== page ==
I never hesitate before opening up twitter to share my latest thoughts, join in whatever conversation is the topic of the day, tweet links to my latest post. I only pause a moment before making my most vulnerable statements.
I’ll spend evenings when I don’t feel like going out browsing twitter jumping into and out of conversations, commentating on the latest TV, on whether or not I should watch another episode of Breaking Bad. When I leave church early I’ll banter with people I do not know. I joke in ways I wouldn’t normally. Not in real life.
It’s not like real life.
Yes I said it. Shoot me down. I don’t think social media is real life. It’s a construct, it’s a facade. It has elements of reality mediated through technology and distance that can be great.
I enjoy it, sometimes I love it. I’ve met people I would never have otherwise, and kept up friendships that might have waned. I’ve learnt and I have grown. I’ve had in depth conversations with people I’ve never met.
But I think we ask of it too much.
It is not the same as the person sat before you. The eyes that look into eyes, the words and the silence that speak compassion. The hug at the end of a conversation. Social media hasn’t learnt how to transmute a hug.
I’ve jumped the shark. Any suggestion I might know what I’m on about gone. Any social media credibility abandoned. I don’t think my Klout score will ever recover.
It’s not only the how but the what. Not only how you engage in social media or blogging that is focused through an informal never quite agreed on set of norms. But also what views are valid. What is acceptable, what will be met with nods of approval, affirming responses.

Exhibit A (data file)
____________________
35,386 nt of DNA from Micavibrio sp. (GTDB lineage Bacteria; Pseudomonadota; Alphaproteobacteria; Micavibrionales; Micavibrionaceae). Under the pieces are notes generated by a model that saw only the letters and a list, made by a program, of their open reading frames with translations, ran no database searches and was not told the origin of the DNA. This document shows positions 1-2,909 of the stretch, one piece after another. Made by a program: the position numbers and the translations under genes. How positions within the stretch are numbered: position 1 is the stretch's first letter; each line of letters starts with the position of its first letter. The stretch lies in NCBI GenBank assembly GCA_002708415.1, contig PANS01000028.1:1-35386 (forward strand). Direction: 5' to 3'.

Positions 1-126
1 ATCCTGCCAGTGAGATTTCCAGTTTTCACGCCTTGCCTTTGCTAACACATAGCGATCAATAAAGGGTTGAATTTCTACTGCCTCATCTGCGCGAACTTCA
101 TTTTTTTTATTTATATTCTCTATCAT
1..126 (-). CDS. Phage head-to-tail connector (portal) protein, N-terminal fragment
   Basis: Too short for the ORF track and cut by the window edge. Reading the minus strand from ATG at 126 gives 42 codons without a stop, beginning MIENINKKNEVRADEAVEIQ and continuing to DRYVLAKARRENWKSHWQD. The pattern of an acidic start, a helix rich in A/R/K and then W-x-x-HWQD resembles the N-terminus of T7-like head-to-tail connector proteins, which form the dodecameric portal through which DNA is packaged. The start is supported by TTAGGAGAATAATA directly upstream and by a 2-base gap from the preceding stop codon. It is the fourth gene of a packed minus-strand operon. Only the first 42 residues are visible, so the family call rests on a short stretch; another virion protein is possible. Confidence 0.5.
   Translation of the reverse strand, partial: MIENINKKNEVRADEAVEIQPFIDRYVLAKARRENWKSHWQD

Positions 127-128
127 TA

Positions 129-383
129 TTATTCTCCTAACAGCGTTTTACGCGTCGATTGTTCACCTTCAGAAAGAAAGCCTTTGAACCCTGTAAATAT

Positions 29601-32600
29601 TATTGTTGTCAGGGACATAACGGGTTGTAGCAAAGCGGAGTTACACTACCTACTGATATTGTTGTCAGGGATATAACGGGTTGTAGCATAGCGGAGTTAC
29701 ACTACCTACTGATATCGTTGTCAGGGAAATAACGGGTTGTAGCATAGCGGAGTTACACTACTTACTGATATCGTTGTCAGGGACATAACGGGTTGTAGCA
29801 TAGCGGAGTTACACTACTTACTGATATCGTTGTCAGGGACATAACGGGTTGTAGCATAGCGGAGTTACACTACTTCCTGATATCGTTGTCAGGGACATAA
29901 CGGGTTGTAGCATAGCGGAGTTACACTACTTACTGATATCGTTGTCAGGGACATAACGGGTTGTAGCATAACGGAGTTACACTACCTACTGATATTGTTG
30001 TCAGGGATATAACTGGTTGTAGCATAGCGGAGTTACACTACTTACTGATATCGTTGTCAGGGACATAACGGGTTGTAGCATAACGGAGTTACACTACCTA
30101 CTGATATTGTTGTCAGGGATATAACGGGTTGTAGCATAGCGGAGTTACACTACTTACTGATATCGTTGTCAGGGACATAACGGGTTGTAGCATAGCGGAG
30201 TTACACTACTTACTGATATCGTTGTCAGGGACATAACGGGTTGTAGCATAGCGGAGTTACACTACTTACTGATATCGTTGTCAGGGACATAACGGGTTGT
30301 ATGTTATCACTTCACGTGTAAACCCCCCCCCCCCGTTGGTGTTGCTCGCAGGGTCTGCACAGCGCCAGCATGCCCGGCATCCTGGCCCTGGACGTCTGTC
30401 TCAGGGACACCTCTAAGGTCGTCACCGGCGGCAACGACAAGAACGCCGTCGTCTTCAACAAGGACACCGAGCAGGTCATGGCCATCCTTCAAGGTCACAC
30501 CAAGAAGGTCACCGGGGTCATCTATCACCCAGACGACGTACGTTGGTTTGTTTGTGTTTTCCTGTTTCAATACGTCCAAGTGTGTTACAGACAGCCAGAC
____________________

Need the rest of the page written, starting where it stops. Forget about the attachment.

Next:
I know I can write that stuff.
Sometimes I’ve shied away from topics because it might lose me credibility. The people I want to like what I write might not like me if I said this about that, or that about this.
The feeling that my words need to speak for themselves. Because they are what I leave.
When I think about the people I love the most. Those closest to me. My family and my best friends.
It is not their words that I value. It’s not their clever phrases or ability to find humorous words to add into Christian book titles.
I have a friend who is annoyingly good at cutting to the heart of situations, of getting to grips with what’s really going on. But that only works when I’m looking into their eyes.
When I think about a community that cares I think of people around me. Those I see and know and am able to touch. Those in real life. Sure social media can give me a boost. It can be loving, it can be kind, it can be compassionate.
But I don’t think it will ever be more than a bolt on to the community of people I call my friends. And if it becomes more than that maybe I’m not giving enough to my friends. Those who I can give a hug to.
2 thoughts on “When I fall out of love with social media”
I tried to voice something like this on Twitter – a wariness. I think we are trying to transport whales in goldfish bowls. We are putting too much onto social media – expecting too much of it. In then end, microblogging is about small things, small greetings, small encouragements, small conversations…Leave the big things to other media, perhaps? Write a letter for once?
Thanks, Danny. When I get to this section of the book, this is going in…
[…] avoided entanglement opting instead to keep things simple, superficial and easier to withdraw from. That’s why I wrote on Wednesday about the challenges I find with blogging and tweeting and the social side of social […]